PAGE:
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In our last post about getting the grant, we discussed developing a solid grant-finding strategy. While finding a grant is easy, finding the right grant—the grant that you can win for your nonprofit—is hard(er). Today, we’ll discuss next steps, including best practices for writing the Letter of Inquiry.
 
Once you’ve identified the right grant, you may want to establish contact with the grantmaking group. Many grantmakers (though not all—be sure to read that RFP!) tacitly assume applicants will reach out. So send an email or make a phone call to gauge their interest in your organization and its work. The effort ensures that both you and the grantmaker views the a grant as a good fit. It also helps open the door to a relationship: As most nonprofits already know, relationships are key to sustainability.
 
If you’ve established contact and learned more about your target grant, you will also learn about their preferred entry document. Often, this is a two-page Letter of Inquiry. The LOI provides an excellent warmup for writing the grant. It asks you to show off your organization and to succinctly articulate grant-relevant goals. The LOI may feel like a chore (and it is), but by enabling grantmakers to efficiently make a first cut, the letter helps save you from writing a grant you are not positioned to win.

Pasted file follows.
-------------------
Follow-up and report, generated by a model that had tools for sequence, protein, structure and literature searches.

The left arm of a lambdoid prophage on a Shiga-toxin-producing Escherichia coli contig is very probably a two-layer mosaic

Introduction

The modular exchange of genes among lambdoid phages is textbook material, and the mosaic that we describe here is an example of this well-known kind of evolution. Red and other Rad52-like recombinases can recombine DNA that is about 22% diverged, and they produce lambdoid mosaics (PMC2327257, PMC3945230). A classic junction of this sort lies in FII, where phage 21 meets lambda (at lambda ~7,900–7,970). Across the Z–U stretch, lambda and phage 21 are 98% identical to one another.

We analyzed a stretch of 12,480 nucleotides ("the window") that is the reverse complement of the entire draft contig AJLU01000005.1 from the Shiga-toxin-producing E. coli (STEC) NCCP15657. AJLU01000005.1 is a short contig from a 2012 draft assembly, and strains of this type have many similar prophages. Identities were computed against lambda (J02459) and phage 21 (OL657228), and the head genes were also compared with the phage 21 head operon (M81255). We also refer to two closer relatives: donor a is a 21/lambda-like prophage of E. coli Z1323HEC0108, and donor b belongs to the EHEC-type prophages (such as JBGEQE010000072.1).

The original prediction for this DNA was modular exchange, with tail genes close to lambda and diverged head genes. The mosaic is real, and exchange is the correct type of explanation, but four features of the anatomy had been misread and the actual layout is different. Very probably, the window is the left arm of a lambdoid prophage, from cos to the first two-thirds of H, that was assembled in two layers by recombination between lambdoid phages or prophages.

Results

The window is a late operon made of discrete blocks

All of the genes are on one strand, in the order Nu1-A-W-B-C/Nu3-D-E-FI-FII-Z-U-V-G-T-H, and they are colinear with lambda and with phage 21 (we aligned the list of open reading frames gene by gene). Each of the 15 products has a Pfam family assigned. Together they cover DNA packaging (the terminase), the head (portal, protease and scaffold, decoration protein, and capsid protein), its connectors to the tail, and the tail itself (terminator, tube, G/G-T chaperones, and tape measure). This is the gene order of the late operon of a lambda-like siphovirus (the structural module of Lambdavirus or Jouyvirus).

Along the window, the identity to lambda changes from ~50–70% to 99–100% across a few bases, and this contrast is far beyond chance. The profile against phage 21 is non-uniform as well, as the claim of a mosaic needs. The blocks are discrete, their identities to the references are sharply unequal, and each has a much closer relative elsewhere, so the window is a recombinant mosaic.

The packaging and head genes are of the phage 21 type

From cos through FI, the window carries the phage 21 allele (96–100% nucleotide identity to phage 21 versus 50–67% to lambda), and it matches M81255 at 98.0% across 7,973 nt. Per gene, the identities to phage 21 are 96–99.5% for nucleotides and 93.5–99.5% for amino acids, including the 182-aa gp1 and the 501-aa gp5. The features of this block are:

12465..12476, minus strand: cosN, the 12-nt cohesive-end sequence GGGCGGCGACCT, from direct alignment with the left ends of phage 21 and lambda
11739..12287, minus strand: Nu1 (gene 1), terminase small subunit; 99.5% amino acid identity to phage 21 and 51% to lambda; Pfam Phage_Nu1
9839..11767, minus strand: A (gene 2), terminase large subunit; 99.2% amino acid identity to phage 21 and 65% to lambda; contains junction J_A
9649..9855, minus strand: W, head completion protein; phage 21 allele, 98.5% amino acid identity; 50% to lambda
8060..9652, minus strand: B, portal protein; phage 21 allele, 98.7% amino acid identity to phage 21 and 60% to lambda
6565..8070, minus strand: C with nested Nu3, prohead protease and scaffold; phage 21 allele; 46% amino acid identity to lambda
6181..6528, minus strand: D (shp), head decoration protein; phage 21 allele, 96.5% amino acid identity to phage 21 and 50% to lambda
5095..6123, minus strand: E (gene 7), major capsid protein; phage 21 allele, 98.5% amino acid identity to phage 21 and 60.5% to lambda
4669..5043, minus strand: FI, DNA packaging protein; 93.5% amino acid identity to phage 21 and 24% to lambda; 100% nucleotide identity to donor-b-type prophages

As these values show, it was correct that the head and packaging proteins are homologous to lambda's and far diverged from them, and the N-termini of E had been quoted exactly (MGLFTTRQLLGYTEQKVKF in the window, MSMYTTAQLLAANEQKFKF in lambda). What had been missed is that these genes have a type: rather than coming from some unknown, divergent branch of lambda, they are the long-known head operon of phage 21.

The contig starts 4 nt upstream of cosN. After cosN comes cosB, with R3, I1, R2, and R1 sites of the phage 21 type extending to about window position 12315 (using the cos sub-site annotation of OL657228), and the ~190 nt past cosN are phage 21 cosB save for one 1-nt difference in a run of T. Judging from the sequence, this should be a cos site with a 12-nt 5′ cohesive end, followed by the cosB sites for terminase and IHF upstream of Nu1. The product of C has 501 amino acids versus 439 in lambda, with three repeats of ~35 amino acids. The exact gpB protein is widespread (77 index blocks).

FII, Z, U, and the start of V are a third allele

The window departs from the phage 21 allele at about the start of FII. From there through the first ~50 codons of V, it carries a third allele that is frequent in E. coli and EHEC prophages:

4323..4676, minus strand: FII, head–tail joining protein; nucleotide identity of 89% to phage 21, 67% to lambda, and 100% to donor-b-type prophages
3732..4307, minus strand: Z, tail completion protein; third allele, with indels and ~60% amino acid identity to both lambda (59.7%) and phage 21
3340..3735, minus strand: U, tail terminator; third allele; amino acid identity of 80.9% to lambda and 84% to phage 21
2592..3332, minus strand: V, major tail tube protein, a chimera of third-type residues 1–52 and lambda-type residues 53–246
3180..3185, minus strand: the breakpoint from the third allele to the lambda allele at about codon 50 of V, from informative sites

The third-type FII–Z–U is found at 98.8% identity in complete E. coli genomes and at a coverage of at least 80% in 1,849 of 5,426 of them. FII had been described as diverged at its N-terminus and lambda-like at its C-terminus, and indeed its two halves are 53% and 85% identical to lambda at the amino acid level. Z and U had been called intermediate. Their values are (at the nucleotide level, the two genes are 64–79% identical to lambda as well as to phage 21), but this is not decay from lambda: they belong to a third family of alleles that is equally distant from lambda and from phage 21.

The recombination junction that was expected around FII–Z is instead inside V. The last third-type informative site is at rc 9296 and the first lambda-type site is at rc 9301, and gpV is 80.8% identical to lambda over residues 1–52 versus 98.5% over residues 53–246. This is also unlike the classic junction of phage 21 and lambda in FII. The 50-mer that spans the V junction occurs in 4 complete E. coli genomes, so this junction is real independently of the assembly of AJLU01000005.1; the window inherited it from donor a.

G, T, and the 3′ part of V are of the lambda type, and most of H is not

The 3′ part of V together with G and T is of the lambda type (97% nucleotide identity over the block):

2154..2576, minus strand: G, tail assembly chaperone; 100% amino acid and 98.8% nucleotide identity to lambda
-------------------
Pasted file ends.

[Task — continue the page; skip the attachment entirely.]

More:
If the grantmaking group offers an LOI template, use it. But if not, create your own LOI according to the following specifications, aiming for two pages in length.

  • Executive Summary: A one-paragraph summary that includes a “thesis statement” succinctly stating how much is requested and for what use.
  • Background and Needs: A brief history of the org that outlines the needs it serves and that explains the specific need for which the target grant is sought.
  • Program Model: A a description of the program that will be served by the target grant.
  • Goals and Objectives: A description of the measurable goals and objectives that will determine the program’s success.
  • Methods: An explanation of the ways in which goals and objectives will be met.
  • Evaluation/Tracking: An explanation of how goals and objectives will be followed.
  • Budget/Sustainability: A description of the program’s total cost, other funders, and the program’s future.
  • Timeline/Work to Date: A description of what has already happened to further the program’s agenda and what is planned for the future.
  • Organizational Information: A callback to the nonprofit’s history, mission, and partnerships.
  • Contact Info

Ideally, your LOI will be accepted and you’ll be asked to apply for the full grant. But that doesn’t always happen. In the weeks after you’ve sent your LOI, follow-up with a phone call, and consider requesting a meeting. Establishing relationships with grantmakers—even grantmakers who don’t ultimately award you a grant—is never a bad idea.
 
Now, as novice grant writers (also all writers) quickly learn, you need to start earlier, do more research, and write more drafts than you think you do. In the next post, we’ll turn to the writing process itself.